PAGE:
Reply
    • Avatar

      This is the content I want to see

      Reply
  2. Avatar

    I am curious to hear what specific policies that Trump implemented that were racist? I’m also curious if you, yourself (a white man who attended a private Christian college in a primarily white area) are a racist?

    The Democratic Party has historically and traditionally gained power from the oppression of black and brown people.

    The founder of planned parenthood, wife of a man on the Klu Klux Klan, was outspoken in her claim that abortion is intended for eugenics and to destroy the black race. Abortion – the democrat sacrament – happens at drastically higher rates in the black community.

    The Democratic Party fought to keep slavery, and later, fought to keep segregation. Their claim was always that black Americans were like children, and unable to take care of themselves.

    In 1694 when the Democratic Party realized they could take the black vote LBJ, a notorious bigot, offered free housing to impoverished, black community’s. This became another form of segregation as these communities were not policed and violence and crime soared. The welfare state was created and the black vote shifted democrat.

    So, in an age when parroting the phrase racism is the “cool” thing for young, white, and woke people to say – I would like to know – how do you know that you’re not a racist?

    Because to me – your vote to abolish police, expand abortion, eliminate school choice, and redistribute wealth – to me, that is the most racist vote you can cast. You put an old, white guy in power “to make black and brown lives better”, because, as the Democratic Party has long claimed – they know what’s best.

    And, for the record, wouldn’t you agree that these statements are racist?

    “You ain’t black if you don’t vote for me.”

    “Poor kids should have just as much as the white kids.”

    Reply
    • Avatar

      Hi there “Racist” (?)

      To start at the top, I’d encourage you to take a look at pretty much any immigration policy from the last 4 years, which have been designed to exclude as many people from non-white countries as possible on no legitimate basis. From the Muslim ban to the public charge rule to calling Mexicans “rapists and murderers,” racism and xenophobia have been at the heart of Trump’s immigration policy (led, not coincidentally, by avowed literal white supremacist Stephen Miller).

      Next, I am in fact a privileged straight white man and do in fact benefit from that enormously. I benefit from a racist system, and I absolutely have implicit biases, as does pretty much everyone. I try to figure out what those biases are and actively change them, which is at the heart of being anti-racist.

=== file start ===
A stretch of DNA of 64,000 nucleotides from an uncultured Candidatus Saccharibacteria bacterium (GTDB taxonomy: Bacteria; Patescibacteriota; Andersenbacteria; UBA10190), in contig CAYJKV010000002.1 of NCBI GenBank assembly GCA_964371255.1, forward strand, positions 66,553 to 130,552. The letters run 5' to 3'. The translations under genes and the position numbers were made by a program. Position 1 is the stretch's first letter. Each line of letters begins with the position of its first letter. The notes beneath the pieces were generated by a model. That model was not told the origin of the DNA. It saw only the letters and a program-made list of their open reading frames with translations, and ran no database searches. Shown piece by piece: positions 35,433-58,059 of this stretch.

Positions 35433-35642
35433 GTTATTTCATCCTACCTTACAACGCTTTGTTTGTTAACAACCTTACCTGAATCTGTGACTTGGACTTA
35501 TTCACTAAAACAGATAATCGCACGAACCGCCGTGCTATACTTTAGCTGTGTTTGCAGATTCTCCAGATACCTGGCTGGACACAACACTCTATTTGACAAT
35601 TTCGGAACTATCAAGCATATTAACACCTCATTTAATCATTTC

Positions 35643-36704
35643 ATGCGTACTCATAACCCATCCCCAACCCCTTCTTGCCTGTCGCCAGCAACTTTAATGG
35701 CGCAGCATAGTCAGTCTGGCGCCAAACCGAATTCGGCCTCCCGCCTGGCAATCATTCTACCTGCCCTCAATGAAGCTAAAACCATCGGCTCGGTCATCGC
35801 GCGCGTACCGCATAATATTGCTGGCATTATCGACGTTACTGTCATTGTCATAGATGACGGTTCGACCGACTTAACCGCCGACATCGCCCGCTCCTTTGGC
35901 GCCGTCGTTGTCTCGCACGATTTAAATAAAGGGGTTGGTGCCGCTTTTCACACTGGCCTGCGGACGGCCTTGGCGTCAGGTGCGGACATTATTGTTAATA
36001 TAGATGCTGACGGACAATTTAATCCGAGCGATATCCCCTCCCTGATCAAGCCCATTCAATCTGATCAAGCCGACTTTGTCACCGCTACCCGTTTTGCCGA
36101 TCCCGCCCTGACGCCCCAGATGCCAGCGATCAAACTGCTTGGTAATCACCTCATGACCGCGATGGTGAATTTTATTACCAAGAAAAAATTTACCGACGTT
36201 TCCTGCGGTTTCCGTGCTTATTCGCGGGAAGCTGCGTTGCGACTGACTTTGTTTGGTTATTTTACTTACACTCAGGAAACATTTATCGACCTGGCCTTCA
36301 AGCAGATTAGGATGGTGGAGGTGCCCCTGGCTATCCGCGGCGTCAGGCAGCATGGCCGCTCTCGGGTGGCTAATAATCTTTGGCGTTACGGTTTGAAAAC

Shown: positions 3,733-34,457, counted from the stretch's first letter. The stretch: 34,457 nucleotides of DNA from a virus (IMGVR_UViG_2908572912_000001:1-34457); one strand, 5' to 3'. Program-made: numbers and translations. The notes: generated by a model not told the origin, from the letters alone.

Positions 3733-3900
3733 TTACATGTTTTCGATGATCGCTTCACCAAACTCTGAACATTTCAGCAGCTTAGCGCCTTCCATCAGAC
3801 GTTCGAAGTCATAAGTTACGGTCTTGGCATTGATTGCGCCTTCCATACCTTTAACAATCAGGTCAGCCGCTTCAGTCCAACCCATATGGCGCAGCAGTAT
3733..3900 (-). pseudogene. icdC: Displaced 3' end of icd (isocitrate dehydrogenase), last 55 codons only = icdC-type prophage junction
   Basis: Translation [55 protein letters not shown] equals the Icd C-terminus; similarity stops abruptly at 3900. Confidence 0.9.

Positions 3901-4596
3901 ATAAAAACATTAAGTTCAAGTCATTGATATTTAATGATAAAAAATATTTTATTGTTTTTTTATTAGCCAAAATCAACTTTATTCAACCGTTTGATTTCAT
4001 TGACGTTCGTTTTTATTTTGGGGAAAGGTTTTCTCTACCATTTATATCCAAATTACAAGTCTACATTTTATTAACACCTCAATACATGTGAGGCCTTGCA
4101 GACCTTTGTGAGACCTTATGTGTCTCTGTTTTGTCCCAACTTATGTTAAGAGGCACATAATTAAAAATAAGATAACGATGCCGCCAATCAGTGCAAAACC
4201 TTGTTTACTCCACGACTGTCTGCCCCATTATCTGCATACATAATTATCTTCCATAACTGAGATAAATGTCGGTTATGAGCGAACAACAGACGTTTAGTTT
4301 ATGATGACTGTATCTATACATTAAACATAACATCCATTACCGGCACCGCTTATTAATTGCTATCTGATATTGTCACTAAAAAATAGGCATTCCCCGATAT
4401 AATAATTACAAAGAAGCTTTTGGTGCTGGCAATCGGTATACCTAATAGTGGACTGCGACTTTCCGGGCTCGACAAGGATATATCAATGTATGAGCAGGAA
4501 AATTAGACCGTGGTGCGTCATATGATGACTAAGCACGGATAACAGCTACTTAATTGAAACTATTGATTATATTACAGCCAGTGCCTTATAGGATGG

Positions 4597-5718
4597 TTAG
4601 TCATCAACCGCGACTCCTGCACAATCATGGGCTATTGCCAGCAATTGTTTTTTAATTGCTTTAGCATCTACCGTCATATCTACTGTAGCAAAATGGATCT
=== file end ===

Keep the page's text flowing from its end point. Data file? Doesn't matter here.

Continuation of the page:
Margaret Sanger was bad and racist and not a single person I know of defends her. If your best attack on pro-choice is that one person a hundred years ago was racist, I don’t know what to tell you.

      The Democratic Party was certainly racist and oppressed Black and brown people for many years. Notably, that shifted roughly around FDR to LBJ (yes, a bigot, no question) and the Civil Rights Act, when the Southern Democrats who had been fighting for the party to continue engaging in that suppression became Republicans. There are libraries full of books and articles about that shift, and I hope you read some of them.

      There’s a lot to unpack with your characterization of the “welfare state” (itself a problematic term), including your implication that Black people only vote for Democrats for what I assume you would term “free money.” Much of the social safety net is incredibly effective at reducing poverty, especially the EITC, CHIP, and SNAP. If anything, they have too stringent of requirements, leaving far too many people behind. Free housing is an objectively good thing, and while the resulting segregation is definitely bad, that segregation is because of historic discrimination like creditors refusing to grant Black families mortgages and city and county-level redlining across the country. Providing subsidized or free housing is meant to combat that, and while imperfect, it’s a step in the right direction.

      It’s also quite telling that you associate abolishing police (not what most people are calling for; “defund the police” refers to lowering their inflated budgets, demilitarizing them, and supplementing them with mental health professionals among other things), “expanding” abortion (no one wants more abortions, we want more access to them in addition to better healthcare and sex education, which would in turn lower the number of abortions and make those that happen safer), eliminating school choice (I assume you’re referring to charter schools, which is a weirdly niche issue to bring up, and my only strongly held belief here is that the government shouldn’t fund religious or discriminatory schooling), and redistributing wealth (yes, good, abolish billionaires) with Joe Biden. Biden is the most centrist candidate imaginable and at best agrees with one of those things (accessible abortion).